from Wiktionary, Creative Commons Attribution/Share-Alike License

  • n. The amount that a shop can hold.


from Wiktionary, Creative Commons Attribution/Share-Alike License

shop +‎ -ful


  • The painter was so touched by this first complaint that he ordered a shopful of toys to be brought to the studio the following day.

    Strong as Death

  • It would take a shopful of tools to readjust them, because readjusting them to their former power would violate Jinxian law.

    Neutron Star

  • Balzac an entire shopful of battered old volumes, out of date and worthless.

    Honore de Balzac

  • But even as he growled the doctor had taken down a lantern from a hook, thrown on a huge, battered fur coat that doubled his size, and was putting medicines -- a very shopful it seemed -- into a leather case.

    The Hohenzollerns in America

  • And all the English shopful is either brand new fiction or illustrated travel (of '_Buns with the Grand Lama_' type), or gilded versions of the classics of past times done up to give away.

    Anticipations Of the Reaction of Mechanical and Scientific Progress upon Human life and Thought

  • Nor did she mean to voice her wishes before a shopful of people who might consider them ambiguous.

    The Wrong Twin

  • God-forsaken parish on a Government job, and I happen on a whole shopful of ancient remains.

    News from the Duchy

  • Newspaper readers will recall the story, told little more than a year ago, of a boy who after carrying beer a whole day for a shopful of men over on the East Side, where his father worked, crept into the cellar to sleep off the effects of his own share in the rioting.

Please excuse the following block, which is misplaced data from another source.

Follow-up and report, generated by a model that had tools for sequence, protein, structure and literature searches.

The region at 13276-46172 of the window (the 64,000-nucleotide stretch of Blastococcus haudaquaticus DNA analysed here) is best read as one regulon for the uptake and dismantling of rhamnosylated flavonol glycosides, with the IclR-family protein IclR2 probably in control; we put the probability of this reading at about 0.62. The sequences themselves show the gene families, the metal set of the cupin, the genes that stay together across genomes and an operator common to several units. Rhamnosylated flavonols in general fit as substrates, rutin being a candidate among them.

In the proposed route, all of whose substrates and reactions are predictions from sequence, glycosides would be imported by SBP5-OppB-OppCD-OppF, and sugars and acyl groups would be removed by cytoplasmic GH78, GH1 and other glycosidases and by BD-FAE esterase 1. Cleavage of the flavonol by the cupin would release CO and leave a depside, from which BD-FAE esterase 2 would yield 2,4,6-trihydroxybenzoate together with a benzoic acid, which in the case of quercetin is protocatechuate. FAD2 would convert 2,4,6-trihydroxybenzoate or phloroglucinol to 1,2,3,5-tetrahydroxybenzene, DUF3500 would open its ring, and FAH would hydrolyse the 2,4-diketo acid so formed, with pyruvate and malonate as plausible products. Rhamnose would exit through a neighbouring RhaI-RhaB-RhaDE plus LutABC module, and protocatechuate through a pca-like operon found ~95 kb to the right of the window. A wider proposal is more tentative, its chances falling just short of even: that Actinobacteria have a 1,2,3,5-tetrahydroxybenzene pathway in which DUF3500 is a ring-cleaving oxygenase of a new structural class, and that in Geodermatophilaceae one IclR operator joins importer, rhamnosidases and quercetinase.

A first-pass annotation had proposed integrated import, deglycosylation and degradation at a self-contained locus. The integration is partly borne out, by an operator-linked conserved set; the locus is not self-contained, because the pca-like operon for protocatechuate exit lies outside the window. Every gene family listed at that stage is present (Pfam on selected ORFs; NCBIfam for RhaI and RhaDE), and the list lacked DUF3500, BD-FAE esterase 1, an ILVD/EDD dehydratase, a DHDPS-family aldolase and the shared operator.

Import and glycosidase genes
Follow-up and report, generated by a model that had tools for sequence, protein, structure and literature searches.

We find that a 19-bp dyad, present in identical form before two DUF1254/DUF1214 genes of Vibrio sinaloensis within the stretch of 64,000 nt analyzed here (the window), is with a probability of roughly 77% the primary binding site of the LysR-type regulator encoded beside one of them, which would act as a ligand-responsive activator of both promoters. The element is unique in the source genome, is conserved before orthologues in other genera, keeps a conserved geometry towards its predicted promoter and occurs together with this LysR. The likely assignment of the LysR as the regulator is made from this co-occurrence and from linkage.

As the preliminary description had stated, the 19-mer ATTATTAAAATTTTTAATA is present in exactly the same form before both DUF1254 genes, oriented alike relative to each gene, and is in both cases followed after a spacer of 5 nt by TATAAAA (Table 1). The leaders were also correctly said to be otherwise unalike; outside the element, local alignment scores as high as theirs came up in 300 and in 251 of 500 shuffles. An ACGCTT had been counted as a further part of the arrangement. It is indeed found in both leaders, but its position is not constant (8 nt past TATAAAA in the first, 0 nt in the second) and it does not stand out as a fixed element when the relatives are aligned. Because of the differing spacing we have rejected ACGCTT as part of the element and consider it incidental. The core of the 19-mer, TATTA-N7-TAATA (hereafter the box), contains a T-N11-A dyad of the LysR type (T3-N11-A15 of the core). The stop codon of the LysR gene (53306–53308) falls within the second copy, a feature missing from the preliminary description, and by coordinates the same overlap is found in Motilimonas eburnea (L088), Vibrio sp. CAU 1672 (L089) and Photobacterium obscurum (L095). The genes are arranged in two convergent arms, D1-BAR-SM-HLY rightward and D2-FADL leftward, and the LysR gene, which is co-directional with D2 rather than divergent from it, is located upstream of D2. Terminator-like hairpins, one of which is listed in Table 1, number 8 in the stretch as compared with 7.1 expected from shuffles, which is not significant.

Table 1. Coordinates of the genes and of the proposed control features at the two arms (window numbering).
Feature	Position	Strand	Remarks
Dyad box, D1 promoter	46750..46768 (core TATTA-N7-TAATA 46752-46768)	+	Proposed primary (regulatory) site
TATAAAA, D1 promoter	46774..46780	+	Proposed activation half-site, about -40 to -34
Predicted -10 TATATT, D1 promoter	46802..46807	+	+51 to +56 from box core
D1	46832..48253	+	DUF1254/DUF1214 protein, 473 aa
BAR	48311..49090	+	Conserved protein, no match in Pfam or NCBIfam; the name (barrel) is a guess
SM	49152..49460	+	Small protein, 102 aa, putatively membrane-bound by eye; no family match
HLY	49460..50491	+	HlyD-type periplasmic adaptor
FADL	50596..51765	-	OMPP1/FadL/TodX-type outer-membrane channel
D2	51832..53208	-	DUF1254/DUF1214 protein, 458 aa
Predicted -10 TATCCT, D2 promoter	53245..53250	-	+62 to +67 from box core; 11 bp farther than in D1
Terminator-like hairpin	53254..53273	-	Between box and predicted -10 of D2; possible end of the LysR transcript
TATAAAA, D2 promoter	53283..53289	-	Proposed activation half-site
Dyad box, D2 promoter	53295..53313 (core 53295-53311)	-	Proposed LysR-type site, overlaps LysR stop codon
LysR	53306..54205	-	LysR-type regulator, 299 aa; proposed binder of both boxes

XVIII. The Reign of Rum

  • Big and square, and filled with heavy furniture, and a perfect shopful of ugly ornaments and bead mats, and little tables, and milking-stools, and tambourines, and bannerettes, and all the kind of things that were considered lovely ages ago, but which no self-respecting girl of our age could possibly endure.

    The Heart of Una Sackville

  • Umbrellas, like faces, acquire a certain sympathy with the individual who carries them: indeed, they are far more capable of betraying his trust; for whereas a face is given to us so far ready made, and all our power over it is in frowning, and laughing, and grimacing, during the first three or four decades of life, each umbrella is selected from a whole shopful, as being most consonant to the purchaser's disposition.

    Lay Morals


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